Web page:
Cycle Routes
Isidora Mujica And Sofía Samur For Lofscapes
Photography And Cartography: Isidora Mujica And Sofia Samur)
(1) Cartography Route through Lake Llanquihue © Isidora Mujica and  Sofía Samur for LOFscapes

Moderate slopes, colonial architecture, views of Lake Llanquihue and the infrastructure of lodging all within the possibilities of a wide range of budgets transform the journey around the Lake into a peaceful route suitable for lovers of cycling and Chile’s southern landscapes.

The cycle route of Lake Llanquihue is at first a bit of a challenge for its physical demands, but it fulfills that inevitable desire to connect with nature and the history of the territory, the landmarks and the narratives that are revealed along the route. This route circles the lake completely and is part of the longest cycle route project in Chile. It covers 186 kilometers, crossing the towns of Puerto Varas, Ensenada, Cascadas, Puerto Octay, Frutillar and Llanquihue, and is divided into six sections. This series of places has a level of urbanization and services along the route that make the circuit adaptable to different time frames and physical conditions thus expanding the spectrum of possible users.

A popular strategy among cyclists is to divide the circuit into 3 or 4 days of pedaling. The first section starts in Puerto Varas, where there are several bicycle rental businesses and wide competition. The route begins traveling 51.3 kilometers towards the north and with a view of the Calbuco Volcano all the way until arriving to Puerto Octay. Section two, overlooking the Osorno Volcano at its beginning, ends at Las Cascadas after 35.1 kilometers. The third day is a much shorter trip that allows for resting or taking some of the trekking routes around the area. This section is 19.7 kilometers to Ensenada where the last section of 42 kilometers of pedaling brings the circuit to a completion in Puerto Varas.

The attraction of this circuit is based on the recognizable cultural landscape of the area, thanks to the fact that the Llanquihue lake basin has been populated by three distinct cultural groups throughout its history: the original peoples, the Spanish settlers, and finally − currently − the Germans. These latter were the main builders of the imposing architectonic legacy present along the route. The landscape of the area is determined by two aesthetic values of different orders: the “natural” associated with the geography of the basin on which the waters of Lake Llanquihue rest − the second largest lake in Chile; and the “built” associated with the architectural legacy of the Germans who arrived in 1850 to the south of Chile as a result of the Law of Colonization enacted in 1845 during the government of Manuel Bulnes (1). The Law promoted the settlement of foreign professionals and artisans to develop the sector and ensure sovereignty.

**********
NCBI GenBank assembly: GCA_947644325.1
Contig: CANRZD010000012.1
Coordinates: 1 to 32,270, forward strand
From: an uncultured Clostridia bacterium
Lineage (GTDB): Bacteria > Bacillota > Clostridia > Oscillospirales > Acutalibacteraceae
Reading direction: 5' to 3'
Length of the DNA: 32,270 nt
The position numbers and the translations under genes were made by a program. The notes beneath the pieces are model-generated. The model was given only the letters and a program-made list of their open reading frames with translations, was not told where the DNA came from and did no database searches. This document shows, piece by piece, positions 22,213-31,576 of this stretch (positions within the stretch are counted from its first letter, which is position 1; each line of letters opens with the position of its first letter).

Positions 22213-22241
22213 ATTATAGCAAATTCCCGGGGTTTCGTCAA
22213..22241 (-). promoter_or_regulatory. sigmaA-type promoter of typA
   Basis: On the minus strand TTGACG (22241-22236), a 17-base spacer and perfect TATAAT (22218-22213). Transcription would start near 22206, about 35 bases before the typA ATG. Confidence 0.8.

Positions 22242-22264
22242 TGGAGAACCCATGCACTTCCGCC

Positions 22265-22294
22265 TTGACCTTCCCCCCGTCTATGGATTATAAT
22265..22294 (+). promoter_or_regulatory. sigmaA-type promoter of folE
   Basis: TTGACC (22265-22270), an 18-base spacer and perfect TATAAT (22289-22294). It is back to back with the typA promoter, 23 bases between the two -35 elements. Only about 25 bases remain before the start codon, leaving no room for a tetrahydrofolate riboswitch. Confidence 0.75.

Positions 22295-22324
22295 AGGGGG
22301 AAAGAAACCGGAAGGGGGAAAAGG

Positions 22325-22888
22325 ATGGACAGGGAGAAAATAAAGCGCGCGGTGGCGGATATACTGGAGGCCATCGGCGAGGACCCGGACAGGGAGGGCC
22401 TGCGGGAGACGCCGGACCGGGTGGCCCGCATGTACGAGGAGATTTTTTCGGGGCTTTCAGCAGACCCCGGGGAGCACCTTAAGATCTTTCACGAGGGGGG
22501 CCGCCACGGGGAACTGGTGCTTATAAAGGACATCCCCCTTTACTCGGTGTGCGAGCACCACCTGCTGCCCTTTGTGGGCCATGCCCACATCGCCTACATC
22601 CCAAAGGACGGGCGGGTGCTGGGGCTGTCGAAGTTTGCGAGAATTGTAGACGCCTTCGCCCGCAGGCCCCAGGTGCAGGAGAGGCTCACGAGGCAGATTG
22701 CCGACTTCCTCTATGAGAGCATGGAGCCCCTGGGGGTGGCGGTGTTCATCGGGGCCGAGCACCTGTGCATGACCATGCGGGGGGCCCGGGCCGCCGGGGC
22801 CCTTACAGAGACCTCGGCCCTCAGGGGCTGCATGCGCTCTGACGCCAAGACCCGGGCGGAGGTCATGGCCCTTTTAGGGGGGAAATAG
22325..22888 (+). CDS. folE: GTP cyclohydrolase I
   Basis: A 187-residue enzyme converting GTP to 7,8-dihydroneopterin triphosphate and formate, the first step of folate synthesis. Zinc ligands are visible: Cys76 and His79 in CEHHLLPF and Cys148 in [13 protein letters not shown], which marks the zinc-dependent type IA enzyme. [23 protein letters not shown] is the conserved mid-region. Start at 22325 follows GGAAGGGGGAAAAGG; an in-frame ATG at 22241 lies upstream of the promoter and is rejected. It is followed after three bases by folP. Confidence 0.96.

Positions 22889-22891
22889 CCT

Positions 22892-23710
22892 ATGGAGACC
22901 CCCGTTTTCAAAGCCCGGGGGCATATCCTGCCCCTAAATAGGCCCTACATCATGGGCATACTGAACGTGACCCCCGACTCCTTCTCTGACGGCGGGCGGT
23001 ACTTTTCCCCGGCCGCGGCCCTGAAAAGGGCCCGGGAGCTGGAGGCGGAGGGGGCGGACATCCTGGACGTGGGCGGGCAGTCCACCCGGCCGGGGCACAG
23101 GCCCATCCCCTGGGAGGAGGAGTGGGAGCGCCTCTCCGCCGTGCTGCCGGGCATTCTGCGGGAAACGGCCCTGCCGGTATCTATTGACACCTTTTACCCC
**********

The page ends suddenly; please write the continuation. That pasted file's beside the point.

(1) On the Transformation of the Southern Landscape: German Colonization in Valdivia and Llanquihue (1850-1910) in <memoriachilena.cl>

The passage of time has been responsible for merging both the “natural” and the “built” into an attractive landscape for curious cyclists and for those looking for outdoor exercise. German-style houses, barns and lovely front gardens give the route a narrative that intensifies thanks to the agile but relaxed speed of the bicycle. The rhythm of the pedaling allows the sculptural-like objects that rest upon the landscape to be appreciated, their facades distinguishable along with their material textures. The pauses − sometimes forced upon the cyclist − help the traveller to appreciate the influence of climate and time upon the buildings. The scenery takes on a dynamic and nostalgic dimension, when observing the wooden tiles covered with striking yellow lichens, a fungus that clings to the architectural legacy with the natural forces of the entire basin. Without doubt on the bicycle, unlike in a car, the experience allows constant contact with the natural elements that make up this landscape, constantly amazing us with the chromatic distinctions between greens, yellows and intense blues; we might get soaked with the rains that start from one second to the next and be delighted with the penetrating sun that breaks in at times, marking the rhythm of the weather during the spring months.

The landscape around the shore of the lake is a route between volcanoes, hills covered with vegetation that grows spontaneously, water, pastures, fields and gardens. It is a spectacle that is not only attractive as an image, but also as an experience easily accessible and that combines natural beauties of the lake’s landscape with the architectonic cultural legacy, which is a product of consolidating the sovereign limits of the country.

(2) Architectonic legacy  © Isidora Mujica and Sofía Samur for LOFscapes
(3) View of Osorno Volcano from Ensenada beach © Isidora Mujica and  Sofía Samur for LOFscapes
(4) Productive landscape Route U-99-V road between Pto Octay and Las Cascadas© Isidora Mujica and Sofía Samur for LOFscapes
(5) German-style architecture on Route 225. Road between Ensenada and Pto Varas © Isidora Mujica and Sofía Samur for LOFscapes
(6) Architectural legacy. Route U-99-V road between Frutillar and Pto Octay © Isidora Mujica and Sofía Samur for LOFscapes
(7) The route between architecture and nature. Route U-99-V road between Pto Octay and Las Cascadas© Isidora Mujica and Sofía Samur for LOFscapes
(8) Productive landscapes Route U-99-V road between Pto Octay and Las Cascadas© Isidora Mujica and Sofía Samur for LOFscapes
(9) The weather and the route. Route U-99-U. Peres Rosales National Park © Isidora Mujica and  Sofía Samur for LOFscapes